Recent trends suggest a reason for optimism for the U.S. economy and its manufacturing sector, according to the quarterly Manufacturers Alliance for Productivity and Innovation U.S. Industrial Outlook (EO-121), a report that analyzes 27 major industries.
While GDP declined at a 0.1 percent rate in the fourth quarter of 2012, manufacturing output grew at a 1.9 percent rate.
MAPI forecasts that industrial production will increase 2.2 percent in 2013, an increase from 2.0 percent in the December 2012 forecast. A further pickup is likely in 2014, with growth anticipated to be 3.6 percent, above the 3.2 percent in the previous report. Manufacturing production should outperform GDP growth, which MAPI estimates will be 1.8 percent in 2013 and 2.8 percent in 2014.
“Despite some austerity measures, there are several reasons to be optimistic about continued economic growth in 2013 and 2014,” said MAPI Chief Economist Daniel J. Meckstroth, Ph.D., author of the analysis. “One is that consumer deleveraging is close to an end. Consumers have refinanced, defaulted, or restructured mortgage debt and paid down installment debt. Households have the capacity to use more credit, and loans are available for creditworthy households. In addition, the housing market is showing definitive improvement, particularly on the supply side.”
The report offers economic forecasts for 24 of the 27 industries. MAPI anticipates that 16 of these will show gains in 2013, and 8 will decline. Housing starts should see a 24 percent increase while aerospace products and parts production is forecast to advance by 10 percent. The outlook improves in 2014, with growth likely in 23 of 24 industries, led by housing starts at 34 percent. Public works construction is the lone industry expected to decline in 2014, by 1 percent.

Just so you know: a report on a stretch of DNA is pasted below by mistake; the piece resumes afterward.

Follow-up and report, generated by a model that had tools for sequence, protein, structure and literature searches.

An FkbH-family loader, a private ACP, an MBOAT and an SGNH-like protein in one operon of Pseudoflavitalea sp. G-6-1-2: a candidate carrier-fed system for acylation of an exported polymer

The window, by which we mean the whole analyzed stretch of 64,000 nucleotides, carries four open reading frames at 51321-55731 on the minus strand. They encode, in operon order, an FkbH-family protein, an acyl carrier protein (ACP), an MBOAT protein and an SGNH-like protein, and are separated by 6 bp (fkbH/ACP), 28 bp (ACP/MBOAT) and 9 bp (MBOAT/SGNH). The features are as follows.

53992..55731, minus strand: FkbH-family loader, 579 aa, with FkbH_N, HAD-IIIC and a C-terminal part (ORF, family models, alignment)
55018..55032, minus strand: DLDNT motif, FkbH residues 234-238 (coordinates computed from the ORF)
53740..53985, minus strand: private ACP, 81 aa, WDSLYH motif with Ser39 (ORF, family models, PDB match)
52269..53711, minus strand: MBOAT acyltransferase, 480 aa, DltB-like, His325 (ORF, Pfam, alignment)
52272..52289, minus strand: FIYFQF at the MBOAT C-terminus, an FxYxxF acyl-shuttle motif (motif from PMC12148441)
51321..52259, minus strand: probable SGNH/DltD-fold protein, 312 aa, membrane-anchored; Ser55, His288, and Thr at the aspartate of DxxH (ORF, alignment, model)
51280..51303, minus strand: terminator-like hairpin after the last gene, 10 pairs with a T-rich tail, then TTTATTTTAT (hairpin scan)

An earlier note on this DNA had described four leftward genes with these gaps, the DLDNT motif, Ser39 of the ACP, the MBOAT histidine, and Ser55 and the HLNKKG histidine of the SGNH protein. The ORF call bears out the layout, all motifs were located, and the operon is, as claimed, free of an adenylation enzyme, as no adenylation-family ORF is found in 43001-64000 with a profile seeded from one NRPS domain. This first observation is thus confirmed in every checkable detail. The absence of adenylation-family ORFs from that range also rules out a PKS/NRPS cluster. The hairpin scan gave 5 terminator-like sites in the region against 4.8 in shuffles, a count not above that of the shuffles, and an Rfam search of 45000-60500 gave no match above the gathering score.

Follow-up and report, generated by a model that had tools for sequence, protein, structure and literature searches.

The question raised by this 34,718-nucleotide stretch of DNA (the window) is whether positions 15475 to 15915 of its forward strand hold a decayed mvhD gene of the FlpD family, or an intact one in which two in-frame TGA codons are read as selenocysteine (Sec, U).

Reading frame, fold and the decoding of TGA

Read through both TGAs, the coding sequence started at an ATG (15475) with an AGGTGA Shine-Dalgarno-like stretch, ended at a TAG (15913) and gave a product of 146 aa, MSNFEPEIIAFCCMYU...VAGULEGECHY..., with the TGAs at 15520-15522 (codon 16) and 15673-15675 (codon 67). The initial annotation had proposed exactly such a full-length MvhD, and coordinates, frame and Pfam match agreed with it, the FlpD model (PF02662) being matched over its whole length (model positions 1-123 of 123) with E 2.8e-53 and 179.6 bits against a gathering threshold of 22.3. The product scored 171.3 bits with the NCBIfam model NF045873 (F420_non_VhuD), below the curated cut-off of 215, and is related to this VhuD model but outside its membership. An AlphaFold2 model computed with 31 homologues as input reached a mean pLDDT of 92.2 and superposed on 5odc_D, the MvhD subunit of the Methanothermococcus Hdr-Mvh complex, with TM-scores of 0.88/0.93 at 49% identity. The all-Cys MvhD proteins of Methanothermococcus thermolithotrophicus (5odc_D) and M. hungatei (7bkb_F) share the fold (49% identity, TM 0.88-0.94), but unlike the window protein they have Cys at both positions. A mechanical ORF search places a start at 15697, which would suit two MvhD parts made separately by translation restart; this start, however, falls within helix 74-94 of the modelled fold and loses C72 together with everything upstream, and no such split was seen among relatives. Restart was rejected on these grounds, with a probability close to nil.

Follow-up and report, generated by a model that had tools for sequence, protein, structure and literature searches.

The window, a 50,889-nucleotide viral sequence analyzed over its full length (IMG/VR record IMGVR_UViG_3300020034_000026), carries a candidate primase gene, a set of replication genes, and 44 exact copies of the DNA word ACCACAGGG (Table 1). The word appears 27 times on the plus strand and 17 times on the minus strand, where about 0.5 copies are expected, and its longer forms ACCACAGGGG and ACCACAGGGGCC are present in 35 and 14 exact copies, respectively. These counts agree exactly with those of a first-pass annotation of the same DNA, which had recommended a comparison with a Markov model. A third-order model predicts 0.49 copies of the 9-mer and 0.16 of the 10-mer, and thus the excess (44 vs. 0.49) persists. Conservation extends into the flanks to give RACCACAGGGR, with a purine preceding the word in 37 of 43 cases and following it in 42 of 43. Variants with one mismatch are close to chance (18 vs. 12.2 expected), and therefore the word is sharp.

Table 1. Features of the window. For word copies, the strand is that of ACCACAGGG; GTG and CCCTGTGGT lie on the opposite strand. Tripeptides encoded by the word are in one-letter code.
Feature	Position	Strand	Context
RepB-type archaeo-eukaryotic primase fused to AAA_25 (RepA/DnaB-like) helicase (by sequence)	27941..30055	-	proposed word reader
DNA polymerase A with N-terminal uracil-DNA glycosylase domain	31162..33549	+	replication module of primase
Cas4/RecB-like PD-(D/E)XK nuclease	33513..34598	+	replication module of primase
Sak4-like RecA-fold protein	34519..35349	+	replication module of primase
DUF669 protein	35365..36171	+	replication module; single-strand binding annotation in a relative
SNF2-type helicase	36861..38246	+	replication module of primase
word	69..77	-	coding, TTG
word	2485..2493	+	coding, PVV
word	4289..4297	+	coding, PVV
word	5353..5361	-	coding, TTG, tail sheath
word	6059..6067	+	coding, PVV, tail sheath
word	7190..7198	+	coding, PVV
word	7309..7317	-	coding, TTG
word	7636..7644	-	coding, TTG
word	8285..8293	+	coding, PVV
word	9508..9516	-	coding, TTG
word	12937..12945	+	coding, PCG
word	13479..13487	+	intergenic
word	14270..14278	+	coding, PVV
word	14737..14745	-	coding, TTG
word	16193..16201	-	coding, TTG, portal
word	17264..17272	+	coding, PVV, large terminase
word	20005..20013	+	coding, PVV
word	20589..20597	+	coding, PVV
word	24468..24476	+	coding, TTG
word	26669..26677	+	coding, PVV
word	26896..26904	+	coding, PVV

According to the report, non-high-tech manufacturing production (which accounts for 90 percent of the total) is anticipated to increase 1.8 percent in 2013, the same as in the previous forecast, and increase by 3.8 percent in 2014, a slight gain from 3.7 percent in the December analysis. High-tech industrial production (computers and electronic products) is projected to expand by 4.3 percent in 2013, an improvement from 3.0 percent growth anticipated in MAPI’s December report. An upswing to 9.0 percent growth is forecast for 2014, an increase from 8.3 percent in the previous outlook.
Seventeen of the 27 industries MAPI monitors had inflation-adjusted new orders or production above the level of one year ago (two more than reported last quarter), 8 declined, and 2 were flat. Housing starts grew by 27 percent in the three months ending January 2013 compared with the same period one year earlier, while construction machinery improved by 16 percent in the same time frame.
The largest drop came in electronic computer shipments, which declined by 34 percent.
Meckstroth reported that 6 industries are in the accelerating growth (recovery) phase of the business cycle; 11 are in the decelerating growth (expansion) phase; 6 are in the accelerating decline (either early recession or mid-recession) phase; and 4 are in the decelerating decline (late recession or very mild recession) phase.
The Manufacturers Alliance for Productivity and Innovation (MAPI), founded in 1933, contributes to the competitiveness of U.S. manufacturing by providing economic research, professional development, and an independent, expert source of manufacturing information.